Tuesday, April 6, 2010

Jerry Springers in UFO Land

Erik at his blog Contact had a great post the other day about UFO researchers leaving the field, ostensibly due to what they say is a disgust about the loony fringe. Erik has another great post now about "personality driven" UFO study: Personality Driven UFOlogy: the Id vs. The Phenomenon (which isn't any kind of study at all, but a bash fest, whether it's overt, or more sublte, like the "new thugs" I wrote about a few years ago.) He writes:
Since when did phenomena take a back seat to the individuals studying it?  What happened to the awe of the subject matter?  Has society become so petty and egocentric that it finds the figures investigating the unknowable more fascinating than the topic of investigation itself?  It would appear to be so.  And how sad it is that not only has Ufology's prominent figures become celebritized, they now seem to be so desperate for the status and attention their celebrity has brought them, they will attack  fellow researchers or investigators just to keep the lime light.  Where is the Ufology in this?  Apalling, sophomoric tactics and innocuous accusations are blinding them, if not everyone, to the actual study!  The actual phenomenon!  No wonder a lot of folks want nothing to do with this field of study.  It's not because it is not interesting or compelling but because its progenitors with all manor of antics have driven them away.  It's a dog eat dog mad house.
I think part of this infighting --  which isn't new really, research has always been this way in many ways --  is due to a trickster effect. It's part of the game; distractions from what's really going on. You can't have one without the other. But that aside, it's still sad, still stupid, and still annoying as hell. It's a given the trickster effect likes to cause mischief, but that doesn't mean it's to be encouraged or condoned.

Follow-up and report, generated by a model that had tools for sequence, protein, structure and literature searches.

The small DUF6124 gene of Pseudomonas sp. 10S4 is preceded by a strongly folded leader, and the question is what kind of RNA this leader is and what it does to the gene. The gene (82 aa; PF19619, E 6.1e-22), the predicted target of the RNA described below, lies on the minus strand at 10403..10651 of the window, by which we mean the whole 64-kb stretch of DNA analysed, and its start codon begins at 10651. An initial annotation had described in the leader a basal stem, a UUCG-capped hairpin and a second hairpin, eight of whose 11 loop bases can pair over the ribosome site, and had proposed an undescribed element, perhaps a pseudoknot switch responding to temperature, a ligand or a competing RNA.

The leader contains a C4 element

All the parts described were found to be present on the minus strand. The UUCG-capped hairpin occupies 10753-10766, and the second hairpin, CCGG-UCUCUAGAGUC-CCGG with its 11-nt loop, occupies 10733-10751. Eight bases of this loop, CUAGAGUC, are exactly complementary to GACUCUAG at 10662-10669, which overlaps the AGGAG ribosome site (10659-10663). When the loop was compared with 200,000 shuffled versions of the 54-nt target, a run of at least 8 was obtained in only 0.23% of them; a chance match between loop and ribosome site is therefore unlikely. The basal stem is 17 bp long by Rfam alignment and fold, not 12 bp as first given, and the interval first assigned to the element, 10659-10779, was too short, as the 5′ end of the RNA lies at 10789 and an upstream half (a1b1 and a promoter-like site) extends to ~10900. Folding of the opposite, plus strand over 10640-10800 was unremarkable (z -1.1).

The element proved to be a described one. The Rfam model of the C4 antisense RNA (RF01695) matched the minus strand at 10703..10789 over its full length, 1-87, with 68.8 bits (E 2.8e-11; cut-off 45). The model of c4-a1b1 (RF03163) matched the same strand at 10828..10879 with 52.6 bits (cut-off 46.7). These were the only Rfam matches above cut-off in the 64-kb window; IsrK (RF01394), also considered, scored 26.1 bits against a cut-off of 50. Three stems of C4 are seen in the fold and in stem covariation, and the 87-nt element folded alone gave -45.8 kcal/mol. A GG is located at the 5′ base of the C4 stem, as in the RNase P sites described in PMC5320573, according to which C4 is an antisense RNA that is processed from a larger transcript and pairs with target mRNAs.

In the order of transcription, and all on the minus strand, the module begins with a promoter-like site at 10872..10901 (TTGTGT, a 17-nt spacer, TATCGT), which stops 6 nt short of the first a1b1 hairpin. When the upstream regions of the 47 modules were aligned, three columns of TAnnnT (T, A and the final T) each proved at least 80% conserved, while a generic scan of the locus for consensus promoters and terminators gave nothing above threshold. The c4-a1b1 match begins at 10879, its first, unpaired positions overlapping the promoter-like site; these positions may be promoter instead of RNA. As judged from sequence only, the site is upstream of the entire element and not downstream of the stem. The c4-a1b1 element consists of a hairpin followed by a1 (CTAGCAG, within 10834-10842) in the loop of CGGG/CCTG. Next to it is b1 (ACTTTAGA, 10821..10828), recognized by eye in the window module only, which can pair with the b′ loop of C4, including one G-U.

I don't understand a lot of what goes on in this regard, but one thing I really don't understand is the name calling and attacks flung at individuals who are just trying to tell their story. The stories may be bizzare and hard to believe, at least literally, and the person may be confused, or misinterpreting events, or . . . but if we're in this field out of a geniune sense of getting at things, we wouldn't be so quick to dismiss those things that offend us, at first meeting, because of their surreal nature. Isn't that what  research is about? Instead of calling someone an idiot or moon bat because they insist they saw Bigfoot carrying an orb of light, heading towards a landed UFO, some authentic investigation into the event is what's needed. Not sarcastic jokey throw away antics like decreeing these individuals belong in some kind of moon bat file.


Erik said...

Thanks, Ms. Regan.

I do feel that you are correct in that the larger picture is Trickster or what I call Psychoterrestrial in nature. As mysterious and vague as all of this phenomena is, it is as such because I think we try to detach from it and look at it in a petri dish cold and separate, instead of take part ownership of it and look at it more intimately within the cosmological workings of human psychology. I think we co-create everything and as you have outlined, were are only looking at the projected symptoms of the actual problem or source. Ufology's current downward spiral is emblematic I believe, of this much larger problem.



Red Pill Junkie said...

Well, let's face it: this field by nature is appealing *only* to a certain kind of personality. The main characteristic of that personality is a strong sense of individualism. So try that a bunch of above-average intelligent folks with a strong sense of individualism —and a lot of emotional investment in their personal pet theories— to come up and agree on a certain consensus on something as bizarre as the UFO, and you'll quickly realize why Huxley's Brave New World could handle only a small amount of Alphas, while the rest of Betas & Gammas had to clean up after them.

Between the compelling drive of the field to turn into a surrogate religion, the absolute lack of certification or academic degrees, and the iconoclastic nature of most of its leaders, UFOlogy is a rather unstable emulsion.

And mayonnaise is not everybody's favorite condiment ;)